On the complexities/challenges of communication around suicide deaths

Wed, Jul 06 2016

Over the last decade, there has been a profound shift in how the statistics about suicide deaths are reported, according to Marc Bryant, Manager of the Mindframe National Media Initiative at the Hunter Institute of Mental Health.

In the wake of this week’s release of the latest national data on suicide deaths (summarised here), he examines some of the complexities confronting those involved in communications in this space, whether in advocacy, journalism or wider public debate.

Marc Bryant writes:

On Tuesday 8th March at 11.30am the Australian Bureau of Statistics (ABS) released the ABS Causes of death data for 2014. This includes data for suicide deaths.

At 11.31 am a team of staff based at the Hunter Institute of Mental Health were working on the data, to analyse the trends as quickly as possible to support accurate information getting to the media and the suicide prevention sector, under the Mindframe National Media Initiative.

At 11.35 am a first ‘dial-in’ teleconference briefing for media was held and at 11.50am, a more detailed briefing and discussion with communication leads for health, mental health and suicide prevention organisations commenced.

This flurry of activity illustrates the changing interest both media and the community have about suicide prevention, the communications capacity that suicide prevention organisations now need in-house to generate and respond to media stories, and the changing speed of media and communication overall.

A decade ago, the ABS would release the suicide deaths data with relatively little attention from either the media or the sector. This was probably due in part to the fact that at that time official suicide rates were coming down and generally “good news is not news.”

The Mindframe team would work over the next 24-48 hours to review the statistics and update information on the website to ensure media had access to the most up-to-date figures to assist them with the recommendation to “ensure accuracy.”

Changing news environment

Fast-forward a decade, the issue of suicide is one with which the community is engaged and which media report on regularly. Our news-cycle is now 24/7, digital and fast – with a thirst for information as it comes to hand, rather than waiting for the evening news or tomorrow’s edition of the paper.

In addition, our major mental health and suicide prevention organisations now have at least one communication professional (many have large media and communication teams) to help generate and respond to media.

As a national program tasked to work with the media and the mental health and suicide prevention sectors about the way we report and portray suicide and mental illness, we can no longer wait 24 to 48 hours to respond to new information.

Whilst Mindframe’s core business remains the development and dissemination of evidence-based resources, supported by education and training and building partnerships across sectors, it has been increasingly called on to proactively support emerging national and regional issues behind the scenes.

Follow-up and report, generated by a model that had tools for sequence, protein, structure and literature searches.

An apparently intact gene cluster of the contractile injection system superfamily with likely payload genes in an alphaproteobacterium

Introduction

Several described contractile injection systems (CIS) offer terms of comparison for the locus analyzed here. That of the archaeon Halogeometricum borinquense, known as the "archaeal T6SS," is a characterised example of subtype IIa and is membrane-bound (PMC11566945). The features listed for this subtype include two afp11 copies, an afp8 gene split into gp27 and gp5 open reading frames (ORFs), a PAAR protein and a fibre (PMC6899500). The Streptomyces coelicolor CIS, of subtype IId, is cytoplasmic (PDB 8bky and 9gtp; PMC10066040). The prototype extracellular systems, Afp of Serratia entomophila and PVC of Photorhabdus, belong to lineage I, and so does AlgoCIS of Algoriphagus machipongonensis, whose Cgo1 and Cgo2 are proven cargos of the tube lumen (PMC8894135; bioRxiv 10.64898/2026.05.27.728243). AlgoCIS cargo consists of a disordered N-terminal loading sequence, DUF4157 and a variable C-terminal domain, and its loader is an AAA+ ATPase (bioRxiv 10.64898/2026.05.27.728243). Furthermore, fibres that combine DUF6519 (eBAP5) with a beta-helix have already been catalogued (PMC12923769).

Working with national advisory groups, there has been an increasing request for the program to be proactive with its communications, especially in relation to big national and global events (such as the death of a celebrity) as well as the release of new information – including coronial recommendations and new statistics.

This can include briefing journalists and editors, sending reminders via email and social media about recommendations for reporting suicide and providing lists to supporting resources (including those in the sector that may be able to assist with comments and the best support services to add to articles and programs).

It also means often being available after hours and on the weekend when news stories break, to try and get reminders to journalists through social media. In fact, 2014 (the year of the current statistics release) was a particularly important one with some high profile celebrity suicides – including the death of Robin William, which was leading news globally, with impacts felt here in Australia.

Ultimately, the role of Mindframe is to remind all of those involved in communicating about suicide of the best way to limit risk to those vulnerable to suicide, while reporting on a specific case of suicide or reporting (or advocating) for the issue more broadly.

Reminding people of the recommendations at the point of increased activity is an important way to reinforce the ongoing and more long-term approaches taken by the program.

Emotionally charged

The ABS release this year came at a time when the suicide prevention sector (and the community) is disappointed, and at times angry, about the speed of promised reforms to the way suicide prevention is funded and coordinated. They also came at a time when many communities have been devastated by the impact of suicide, including the reported death of a 10-year-old girl in the Kimberley and concerns about the rates of suicide in men of working age.

For the most part, media are doing their job in a very emotionally charged environment. They are covering the issue, but generally removing the things that are been most associated with increased risk – including details about method of suicide and the inclusion of help-seeking information to almost every story filed.

It should be noted that for 18 years, Australia has provided education and training for the media via Mindframe, a world leading initiative highlighted in 2014 by the World Health Organization. An independent media monitoring study released in 2010 showed major improvements in Australian media in terms of quality as well as a two fold increase in the number of reports.

But it is also a challenging time for journalists, who want to cover the issue well but who are responding to, and working with, a sector that is frustrated and angry. As part of the sector ourselves, we know how they feel. Nobody who works in suicide prevention, or who cares about suicide prevention, ever wants to see rates going in the wrong direction. Because behind rates and numbers are individuals lost too soon and a wave of grief among families, friends and whole communities.